I really like this notion. It fits nicely with the tenets of collective intelligence and social business intelligence approaches to decision making. In order to be able to adapt, a business has to be able to have an accurate and up-to-date read on what’s really going on, which is exactly the insight such applications deliver.

    Thing is, forecasting is still vital. General Patton’s famous quote comes to mind: “A good plan, violently executed now is better than a perfect plan next week.”

    (tags: planning)

  • "Instead of celebrating the possible end of the SUV boom, it would be more constructive for" environmentalists "to consider the origins of the boom, in which they played an important role. Because what "people were thinking," when they bought SUVs was partly the result of the unintended consequences of fuel economy standards supported by the environmentalists. In the 1970s, the U.S. began enacting corporate average fuel economy (CAFE) standards for new vehicles…. The standards made certain cars, such as the station wagon, uneconomic to produce within the constraints of the standards. But many people still wanted large vehicles. So they bought vans or light trucks which were subject to looser fuel standards. Those choices led to the development of environmentalist nightmares: the minivan and the SUV. Because they were required to be very big to qualify as light trucks, the new minivans and SUVs generally had substantially worse mileage than the station wagons they replaced."

  • "The new Apple (AAPL) iPhone 4 has a marvelously clear display, whether or not it’s technically a “retinal display,” as CEO Steve Jobs claimed. It’s a great feature, but one that has unintended consequences. Increased resolution means programmers and designers must rethink how they prepare graphics and photos for virtual use — and how much storage space the images will require. That’s going to be a pain to gaming companies, publishers, and other businesses that develop graphics-heavy applications."

  • "According to Rob Norton, former economics editor of Fortune magazine, the Law of Unintended Consequences is ‘often cited but rarely defined’. It means actions that have unforeseen or negative effects. Norton says that economists and social scientists heed that law; politicians and popular opinion ignore it.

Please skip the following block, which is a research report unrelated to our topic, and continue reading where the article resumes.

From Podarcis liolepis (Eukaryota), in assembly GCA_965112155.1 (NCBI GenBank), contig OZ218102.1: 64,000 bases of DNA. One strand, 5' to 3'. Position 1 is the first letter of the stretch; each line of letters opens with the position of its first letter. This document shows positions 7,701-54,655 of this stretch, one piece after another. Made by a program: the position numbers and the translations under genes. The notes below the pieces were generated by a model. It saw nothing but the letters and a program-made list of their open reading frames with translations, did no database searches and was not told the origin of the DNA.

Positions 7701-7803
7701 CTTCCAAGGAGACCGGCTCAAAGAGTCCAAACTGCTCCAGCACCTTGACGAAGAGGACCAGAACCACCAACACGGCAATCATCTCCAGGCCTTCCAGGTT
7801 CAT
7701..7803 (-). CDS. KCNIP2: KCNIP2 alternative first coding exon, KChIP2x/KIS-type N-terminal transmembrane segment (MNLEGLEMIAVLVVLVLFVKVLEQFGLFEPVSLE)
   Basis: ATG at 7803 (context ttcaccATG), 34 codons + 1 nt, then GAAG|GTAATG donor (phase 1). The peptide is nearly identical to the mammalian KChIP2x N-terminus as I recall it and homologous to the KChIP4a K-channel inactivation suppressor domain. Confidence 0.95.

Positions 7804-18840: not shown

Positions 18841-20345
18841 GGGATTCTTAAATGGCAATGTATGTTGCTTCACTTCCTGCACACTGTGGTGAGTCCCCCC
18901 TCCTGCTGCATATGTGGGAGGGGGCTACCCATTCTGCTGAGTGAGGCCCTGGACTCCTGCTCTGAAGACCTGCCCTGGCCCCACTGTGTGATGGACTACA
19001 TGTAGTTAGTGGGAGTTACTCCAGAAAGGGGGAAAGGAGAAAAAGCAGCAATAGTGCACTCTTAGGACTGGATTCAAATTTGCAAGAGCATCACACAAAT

He cites Scottish moral philosopher Adam Smith's Wealth of Nations: ‘It is not from the benevolence of the butcher or the baker that we expect our dinner, but from regard to their own self-interest’. This is the basis of the economic system, a benign unintended consequence of motive.

    However, he believes that perverse, unanticipated consequences are more frequently the outcome of well-intended laws. In 1692, the English philosopher John Locke argued against a Parliamentary bill designed to cut maximum interest rate from 6% to 4%, on the grounds that some would avoid the rule and there’d be less credit for poor people."

  • "The Law of Unintended Consequences is an adage that warns that an intervention into a complex system invariably creates unanticipated and often undesirable outcomes…. I had a lengthy conversation with another San Diego activist who was concerned that the proposed legislation says that Secretary of Defense Gates, Chairman of the Joint Chiefs of Staff Mullen and the President must sign a joint letter for the repeal of DADT to take place…. The unintended consequence is now it could become a legislative requirement that Gates and Mullen agree."

  • Investors like themes, they like to operate and think according to the major themes that dictate new developments. I think one of the biggest themes in this current investment environment and in the next few years will be the dominance of unintended consequences – an environment where the unintended consequences of actions will speak much louder than the intended actions themselves.